Author(s): 
Rosa, Araceli
Picchioni, Marco M.
Kalidindi, Sridevi
Loat, Caroline S.
Knight, Joanne
Toulopoulou, Timothea
Vonk, Ronald
van der Schot, Astrid C.
Nolen, Willem
Kahn, RenÈ S.
McGuffin, Peter
Murray, Robin M.
Craig, Ian W.
Publication Title: 
Schizophrenia Research

OBJECTIVE: To achieve a unified concept of the aetiology of psychosis. BACKGROUND: The nuclear symptoms of "schizophrenia" occur with approximately the same age- and sex-specific incidence in all human populations. No substantive environmental precipitant has been identified, and yet these "illnesses" are associated with deviations in brain structure that are uniform across populations, are established late in development and relate to the capacity for language. No genes have been identified by linkage or association strategies.

Author(s): 
Crow, Timothy J.
Publication Title: 
Laterality

A theory of the genetic basis of cerebral asymmetry is outlined according to which (1) a single right-shift factor in all human individuals interacts with (2) epigenetic variation that is apparently random, transmissible between parent and child, but with a half-life extending over a small number of generations. The right-shift factor arose late (150 to 200 thousand years ago [KYA]) in hominid evolution as a mutation in the X copy of a gene pair (Protocadherin 11XY) in a region of homology between the X and Y chromosomes created by a duplication 6MYA at the chimpanzee hominid separation.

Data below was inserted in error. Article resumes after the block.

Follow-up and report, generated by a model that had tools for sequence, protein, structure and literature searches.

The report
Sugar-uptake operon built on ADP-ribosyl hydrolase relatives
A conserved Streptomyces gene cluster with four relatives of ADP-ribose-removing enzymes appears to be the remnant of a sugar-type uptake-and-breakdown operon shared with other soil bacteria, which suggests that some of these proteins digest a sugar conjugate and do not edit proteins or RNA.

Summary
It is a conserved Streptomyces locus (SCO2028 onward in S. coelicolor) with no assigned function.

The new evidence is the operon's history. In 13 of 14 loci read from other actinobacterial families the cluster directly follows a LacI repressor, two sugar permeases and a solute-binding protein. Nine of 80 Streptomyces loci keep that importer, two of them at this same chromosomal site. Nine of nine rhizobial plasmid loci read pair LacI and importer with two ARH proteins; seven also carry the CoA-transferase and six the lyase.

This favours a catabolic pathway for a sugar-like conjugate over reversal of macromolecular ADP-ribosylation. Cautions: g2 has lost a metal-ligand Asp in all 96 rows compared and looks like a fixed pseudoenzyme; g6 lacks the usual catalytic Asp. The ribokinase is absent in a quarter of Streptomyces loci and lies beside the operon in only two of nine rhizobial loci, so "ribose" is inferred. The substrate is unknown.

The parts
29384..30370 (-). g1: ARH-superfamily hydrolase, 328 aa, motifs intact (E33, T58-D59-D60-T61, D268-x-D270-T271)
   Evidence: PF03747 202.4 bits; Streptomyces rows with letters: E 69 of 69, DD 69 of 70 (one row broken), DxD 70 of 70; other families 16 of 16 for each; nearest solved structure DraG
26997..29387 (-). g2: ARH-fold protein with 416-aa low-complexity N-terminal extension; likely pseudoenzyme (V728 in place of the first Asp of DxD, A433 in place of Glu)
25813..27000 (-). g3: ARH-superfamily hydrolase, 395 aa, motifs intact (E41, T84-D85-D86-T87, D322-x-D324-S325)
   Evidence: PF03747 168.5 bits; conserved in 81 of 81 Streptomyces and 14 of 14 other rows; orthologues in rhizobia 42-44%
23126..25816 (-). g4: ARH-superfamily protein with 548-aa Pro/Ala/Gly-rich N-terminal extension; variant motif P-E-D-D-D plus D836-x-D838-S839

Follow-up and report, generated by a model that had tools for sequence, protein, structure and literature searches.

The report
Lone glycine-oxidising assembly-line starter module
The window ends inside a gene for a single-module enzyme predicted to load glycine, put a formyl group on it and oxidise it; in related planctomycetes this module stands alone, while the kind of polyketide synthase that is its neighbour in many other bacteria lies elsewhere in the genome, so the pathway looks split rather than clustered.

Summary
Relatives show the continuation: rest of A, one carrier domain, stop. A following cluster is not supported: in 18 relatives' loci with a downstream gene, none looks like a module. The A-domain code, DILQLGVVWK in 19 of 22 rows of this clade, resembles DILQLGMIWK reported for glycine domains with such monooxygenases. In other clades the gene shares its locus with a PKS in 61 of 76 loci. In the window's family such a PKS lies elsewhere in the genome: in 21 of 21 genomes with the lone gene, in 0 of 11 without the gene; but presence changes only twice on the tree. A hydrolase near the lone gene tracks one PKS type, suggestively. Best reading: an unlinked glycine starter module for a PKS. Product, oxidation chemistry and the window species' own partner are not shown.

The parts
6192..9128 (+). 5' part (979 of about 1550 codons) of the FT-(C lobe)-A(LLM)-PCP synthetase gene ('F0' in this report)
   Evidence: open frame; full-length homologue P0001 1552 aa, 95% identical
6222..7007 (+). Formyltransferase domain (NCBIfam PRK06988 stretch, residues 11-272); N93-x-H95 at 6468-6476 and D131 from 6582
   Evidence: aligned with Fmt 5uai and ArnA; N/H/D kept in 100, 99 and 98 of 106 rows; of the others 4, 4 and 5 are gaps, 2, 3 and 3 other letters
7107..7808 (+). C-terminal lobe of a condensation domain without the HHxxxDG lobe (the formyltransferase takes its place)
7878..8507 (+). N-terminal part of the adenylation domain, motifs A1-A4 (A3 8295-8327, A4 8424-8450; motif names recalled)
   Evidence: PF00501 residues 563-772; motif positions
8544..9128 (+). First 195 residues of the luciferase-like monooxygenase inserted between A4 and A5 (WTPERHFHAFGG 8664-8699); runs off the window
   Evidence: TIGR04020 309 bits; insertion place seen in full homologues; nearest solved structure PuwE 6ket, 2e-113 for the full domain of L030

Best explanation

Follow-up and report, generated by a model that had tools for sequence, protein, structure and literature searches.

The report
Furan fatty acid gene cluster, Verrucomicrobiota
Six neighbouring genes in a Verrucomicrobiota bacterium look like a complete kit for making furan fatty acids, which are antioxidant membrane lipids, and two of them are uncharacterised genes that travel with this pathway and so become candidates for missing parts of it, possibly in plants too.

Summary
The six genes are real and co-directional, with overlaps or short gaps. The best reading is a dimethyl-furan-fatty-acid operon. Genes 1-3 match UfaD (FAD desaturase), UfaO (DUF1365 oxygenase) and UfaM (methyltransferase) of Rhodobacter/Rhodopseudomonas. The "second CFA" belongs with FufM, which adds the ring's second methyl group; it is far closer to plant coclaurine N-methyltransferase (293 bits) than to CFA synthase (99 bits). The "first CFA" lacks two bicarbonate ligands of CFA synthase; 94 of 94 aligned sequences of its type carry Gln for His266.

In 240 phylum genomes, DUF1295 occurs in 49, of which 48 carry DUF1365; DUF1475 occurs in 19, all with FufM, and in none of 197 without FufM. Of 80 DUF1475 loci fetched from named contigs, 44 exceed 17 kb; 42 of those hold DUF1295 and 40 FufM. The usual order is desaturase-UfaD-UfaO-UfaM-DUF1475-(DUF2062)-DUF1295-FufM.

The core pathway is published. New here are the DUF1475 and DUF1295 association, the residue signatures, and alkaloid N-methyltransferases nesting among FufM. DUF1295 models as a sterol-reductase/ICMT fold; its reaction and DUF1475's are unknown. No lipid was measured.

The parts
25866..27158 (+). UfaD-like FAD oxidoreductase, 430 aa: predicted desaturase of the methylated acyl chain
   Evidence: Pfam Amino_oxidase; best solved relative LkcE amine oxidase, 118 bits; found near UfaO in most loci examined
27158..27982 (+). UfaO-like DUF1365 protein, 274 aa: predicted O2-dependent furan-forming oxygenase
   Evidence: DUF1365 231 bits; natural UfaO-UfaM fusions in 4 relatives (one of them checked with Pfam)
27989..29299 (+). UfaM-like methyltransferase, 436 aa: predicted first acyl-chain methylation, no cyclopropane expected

Author(s): 
Crow, T. J.
Publication Title: 
Molecular Psychiatry

Less than 2% of the 80-90% heritability of major psychiatric disease, for example, schizophrenia and manic-depressive illness is attributable to genes identified by linkage and association. Where is the missing heritability? The recently described PRDM9 gene imposes epigenetic stability on the XY body in male meiosis including Sapiens-specific variation relating to a gene pair (Protocadherin11XY) created by X to Y duplication at 6MYA.

Author(s): 
Crow, T. J.
Publication Title: 
Clinical Genetics

The psychoses (schizophrenia and bipolar disorder) occur in all populations with approximately uniform incidence and sex-dependent age of onset. Core symptoms involve aspects of language; brain structural deviations are sex and hemisphere-related. Genetic predisposition is unaccounted for by linkage or association. The hypothesis is proposed that the 'missing heritability' is epigenetic in form and generated in meiosis on a species-specific XY chromosomal template. A duplication from Xq21.3 to Yp11.2 that occurred 6 million years ago is proposed as critical to hominin evolution.

Author(s): 
Crow, T. J.
Publication Title: 
BMC genomics

BACKGROUND: As the most stable and experimentally accessible epigenetic mark, DNA methylation is of great interest to the research community. The landscape of DNA methylation across tissues, through development and in disease pathogenesis is not yet well characterized. Thus there is a need for rapid and cost effective methods for assessing genome-wide levels of DNA methylation.

Author(s): 
Pidsley, Ruth
Y Wong, Chloe C.
Volta, Manuela
Lunnon, Katie
Mill, Jonathan
Schalkwyk, Leonard C.